jQuery Slider

You are here



By Godfrey Olukya
VOL African Correspondent
November 15, 2022

The Japanese embassy in Rwanda has signed a grant contract with the Anglican Church of Rwanda, Kibungo Diocese, to construct a nursery and primary school in Ngoma district, Eastern Province.

Under the framework of Japan's Grant Assistance for Grassroots Human Security Project (GGP/Kusanone), the Japanese embassy will provide $89,383 to the Anglican Church for construction of a new nursery and primary school building, which will benefit about 400 children in and around Kibungo Sector.

According to KT press, the contract was signed between Ambassador of Japan to Rwanda Masahiro Imai, and Emmanuel Ntazinda, a legal representative and Bishop of Anglican Church of Rwanda Kibungo Diocese on November 1.

Under GGP/Kusanone, Japan provides grants to national and international NGOs, educational institutions, health institutions and local authorities for their development projects at community level. This Project also responds to diverse development needs in the areas of education, health, water and sanitation and agricultural development in Rwanda.

"I am sure that all of us attending today's ceremony share the importance of contributing to education. This is why we are here today," Ambassador Imai said.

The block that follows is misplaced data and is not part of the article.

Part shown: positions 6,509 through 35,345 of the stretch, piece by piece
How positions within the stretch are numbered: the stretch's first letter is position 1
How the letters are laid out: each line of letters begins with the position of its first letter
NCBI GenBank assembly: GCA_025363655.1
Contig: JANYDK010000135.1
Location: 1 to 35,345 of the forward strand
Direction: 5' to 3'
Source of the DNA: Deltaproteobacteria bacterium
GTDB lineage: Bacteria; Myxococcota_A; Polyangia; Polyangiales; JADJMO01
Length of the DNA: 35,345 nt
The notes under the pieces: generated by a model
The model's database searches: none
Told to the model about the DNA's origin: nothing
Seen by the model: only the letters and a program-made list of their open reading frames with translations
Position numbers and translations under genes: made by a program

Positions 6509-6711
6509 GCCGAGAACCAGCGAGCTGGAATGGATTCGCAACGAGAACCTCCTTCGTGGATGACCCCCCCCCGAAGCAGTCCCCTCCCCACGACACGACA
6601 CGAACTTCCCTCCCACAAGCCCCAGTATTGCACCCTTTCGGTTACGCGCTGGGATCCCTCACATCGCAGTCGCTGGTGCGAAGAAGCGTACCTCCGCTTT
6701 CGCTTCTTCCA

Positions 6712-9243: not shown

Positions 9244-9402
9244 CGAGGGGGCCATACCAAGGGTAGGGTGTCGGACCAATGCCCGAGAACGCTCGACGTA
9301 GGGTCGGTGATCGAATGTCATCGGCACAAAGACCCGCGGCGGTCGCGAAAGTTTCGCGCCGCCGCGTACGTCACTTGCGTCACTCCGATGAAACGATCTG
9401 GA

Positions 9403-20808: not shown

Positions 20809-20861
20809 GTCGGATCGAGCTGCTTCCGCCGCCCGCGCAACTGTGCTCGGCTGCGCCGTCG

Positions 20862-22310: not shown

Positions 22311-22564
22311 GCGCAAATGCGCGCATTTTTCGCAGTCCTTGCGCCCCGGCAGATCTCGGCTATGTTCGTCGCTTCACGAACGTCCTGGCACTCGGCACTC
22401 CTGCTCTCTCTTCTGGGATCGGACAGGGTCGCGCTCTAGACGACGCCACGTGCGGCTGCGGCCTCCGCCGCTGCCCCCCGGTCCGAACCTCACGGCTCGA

"It is one of our development targets to support education to encourage the quality of basic education in Rwanda. Under this scheme, it is our absolute pleasure to take part in the contribution to education in Rwanda."

Japan and Rwanda have been working together in a number of fields, including infrastructure, health, and education.

The Keza Learning Facility, which will develop young engineers and future innovators, was opened by the governments of Rwanda and Japan in 2019. It is the first children's centre to integrate science and innovation.

The centre, named Keza after the well-known dream child, was established by Ambassador Imai.

Over 150 children between the ages of 3 and 17 receive a comprehensive education at the centre, which includes a workstation for programming and robotics as well as a natural studies, arts, culture, and music school.

"We have got important support to improve quality education. More students will continue to have a conducive environment for learning. As the church, this has always been our focus, and serving God," Ntazinda said. "It is a motivation and taking good care of these facilities is guaranteed."


Get a bi-weekly summary of Anglican news from around the world.
comments powered by Disqus
Trinity School for Ministry
Go To Top